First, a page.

A Murder of Crows (1999) – Review

2 Stars

A Murder of Crows tells a tale of over reaching ambition that leads to a great downfall, and then to revenge. It’s a surprisingly literate and nearly successful thriller written and directed by Rowdy Harrington of Road House infamy. That this implausible story is made believable in the least is due mainly to its steller cast.

Cuba Gooding Jr. plays Lawson Russell a disbarred attorney who moves to Key West to spend his day’s fishing and writing his long put-off novel. A year goes bye and he’s a borderline drunk and has only written six pages. Then one afternoon an elderly man named Mason charters his boat for a day on the Ocean. The two men form a quick kinship and Mason feels comfortable enough to let Lawson read a manuscript of his unpublished book. Bemused at the old man’s confidence in himself the struggling writer agrees to read the crime-thriller.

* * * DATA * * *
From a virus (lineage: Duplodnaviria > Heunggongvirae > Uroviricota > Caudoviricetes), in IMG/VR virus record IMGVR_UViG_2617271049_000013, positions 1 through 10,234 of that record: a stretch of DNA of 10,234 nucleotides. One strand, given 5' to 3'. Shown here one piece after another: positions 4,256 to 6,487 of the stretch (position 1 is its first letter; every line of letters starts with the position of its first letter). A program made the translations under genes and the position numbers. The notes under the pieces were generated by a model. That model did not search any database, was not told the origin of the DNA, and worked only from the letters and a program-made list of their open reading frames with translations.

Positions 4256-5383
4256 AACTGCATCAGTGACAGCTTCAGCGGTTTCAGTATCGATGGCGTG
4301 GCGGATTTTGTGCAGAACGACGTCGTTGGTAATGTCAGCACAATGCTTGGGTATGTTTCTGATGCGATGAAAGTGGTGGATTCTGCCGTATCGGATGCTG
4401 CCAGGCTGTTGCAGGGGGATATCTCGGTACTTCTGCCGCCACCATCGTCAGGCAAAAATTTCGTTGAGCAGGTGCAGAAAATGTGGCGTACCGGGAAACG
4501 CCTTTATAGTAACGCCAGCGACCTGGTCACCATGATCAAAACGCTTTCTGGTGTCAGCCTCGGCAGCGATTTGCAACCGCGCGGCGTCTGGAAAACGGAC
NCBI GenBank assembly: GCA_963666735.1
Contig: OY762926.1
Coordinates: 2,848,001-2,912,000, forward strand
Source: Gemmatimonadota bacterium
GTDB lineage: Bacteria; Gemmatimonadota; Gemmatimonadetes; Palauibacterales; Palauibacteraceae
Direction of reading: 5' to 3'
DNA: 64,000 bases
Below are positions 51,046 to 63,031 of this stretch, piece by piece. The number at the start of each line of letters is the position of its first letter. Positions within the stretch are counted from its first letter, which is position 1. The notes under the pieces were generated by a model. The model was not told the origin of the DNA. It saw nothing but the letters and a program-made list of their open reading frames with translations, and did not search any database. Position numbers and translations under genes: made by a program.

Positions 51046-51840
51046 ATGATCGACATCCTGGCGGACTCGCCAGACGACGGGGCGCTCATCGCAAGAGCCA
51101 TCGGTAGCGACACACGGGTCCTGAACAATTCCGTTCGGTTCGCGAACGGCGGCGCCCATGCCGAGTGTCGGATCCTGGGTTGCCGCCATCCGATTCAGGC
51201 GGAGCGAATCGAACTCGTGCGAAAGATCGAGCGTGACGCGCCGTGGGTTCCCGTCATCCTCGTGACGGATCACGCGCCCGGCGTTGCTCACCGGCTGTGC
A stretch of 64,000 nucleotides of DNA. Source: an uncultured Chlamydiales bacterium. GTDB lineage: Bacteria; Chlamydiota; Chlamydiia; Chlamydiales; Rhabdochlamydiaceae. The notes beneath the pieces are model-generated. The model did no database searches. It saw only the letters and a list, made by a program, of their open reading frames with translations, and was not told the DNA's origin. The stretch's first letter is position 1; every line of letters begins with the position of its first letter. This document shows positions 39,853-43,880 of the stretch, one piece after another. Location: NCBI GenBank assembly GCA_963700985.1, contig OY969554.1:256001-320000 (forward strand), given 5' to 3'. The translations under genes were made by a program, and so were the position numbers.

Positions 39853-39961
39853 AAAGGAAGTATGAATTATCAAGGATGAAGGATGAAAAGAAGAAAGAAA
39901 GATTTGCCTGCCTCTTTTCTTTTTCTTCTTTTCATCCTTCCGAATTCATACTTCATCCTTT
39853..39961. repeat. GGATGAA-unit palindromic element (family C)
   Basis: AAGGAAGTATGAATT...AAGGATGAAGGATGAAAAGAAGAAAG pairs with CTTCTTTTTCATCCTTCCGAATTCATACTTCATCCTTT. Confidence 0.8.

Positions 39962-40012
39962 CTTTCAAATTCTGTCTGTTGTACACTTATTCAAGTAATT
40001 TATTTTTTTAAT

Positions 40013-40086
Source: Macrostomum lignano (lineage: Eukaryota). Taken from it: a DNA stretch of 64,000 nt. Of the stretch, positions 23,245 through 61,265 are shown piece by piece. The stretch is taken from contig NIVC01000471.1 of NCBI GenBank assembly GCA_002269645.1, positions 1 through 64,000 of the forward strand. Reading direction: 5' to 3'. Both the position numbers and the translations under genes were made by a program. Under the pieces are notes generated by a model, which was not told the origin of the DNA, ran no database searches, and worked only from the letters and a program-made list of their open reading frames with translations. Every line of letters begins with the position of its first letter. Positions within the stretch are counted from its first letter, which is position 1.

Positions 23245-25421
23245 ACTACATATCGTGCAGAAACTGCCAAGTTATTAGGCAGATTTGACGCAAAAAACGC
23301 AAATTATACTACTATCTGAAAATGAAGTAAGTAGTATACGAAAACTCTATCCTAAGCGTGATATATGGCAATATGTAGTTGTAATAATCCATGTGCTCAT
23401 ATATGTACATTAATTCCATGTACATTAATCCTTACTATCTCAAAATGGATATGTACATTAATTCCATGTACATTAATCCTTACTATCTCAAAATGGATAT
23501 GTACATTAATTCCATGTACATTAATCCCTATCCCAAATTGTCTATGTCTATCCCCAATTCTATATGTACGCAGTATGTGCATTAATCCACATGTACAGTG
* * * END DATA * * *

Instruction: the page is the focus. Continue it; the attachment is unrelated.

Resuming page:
Lawson tears through the pages finishing in one night, and the next morning he goes to deliver the manuscript back to Mason. Turns out the elder man passed away in his sleep, leaving no next of kin. So, the greedy former attorney with writer’s block takes the unpublished book and puts his name on it. He submits it to a publishing company and almost immediately it becomes a best seller and Lawson Russell is a celebrity.

Detective Clifford Dubose (Tom Berenger) is a sent a copy of Russell’s book and immediately recognizes that it’s not a fictional story but a factual account of a series of gruesome murders. Hunted by detective and the FBI, Lawson must discover who framed him and why.

I’m a big fan of Gooding Jr. and Harrington’s last collaboration Gladiator (the boxing film not the Russell Crowe film). I’ve always found the director’s works as guilty pleasures, but all of his pictures are professionally crafted and paced well. A Murder of Crows has some compelling moments and character actors doing good work, but the overall effect isn’t as profound or mysterious as intended.

Director: Rowdy Harrington
Stars: Cuba Gooding Jr., Tom Berenger, Eric Stoltz

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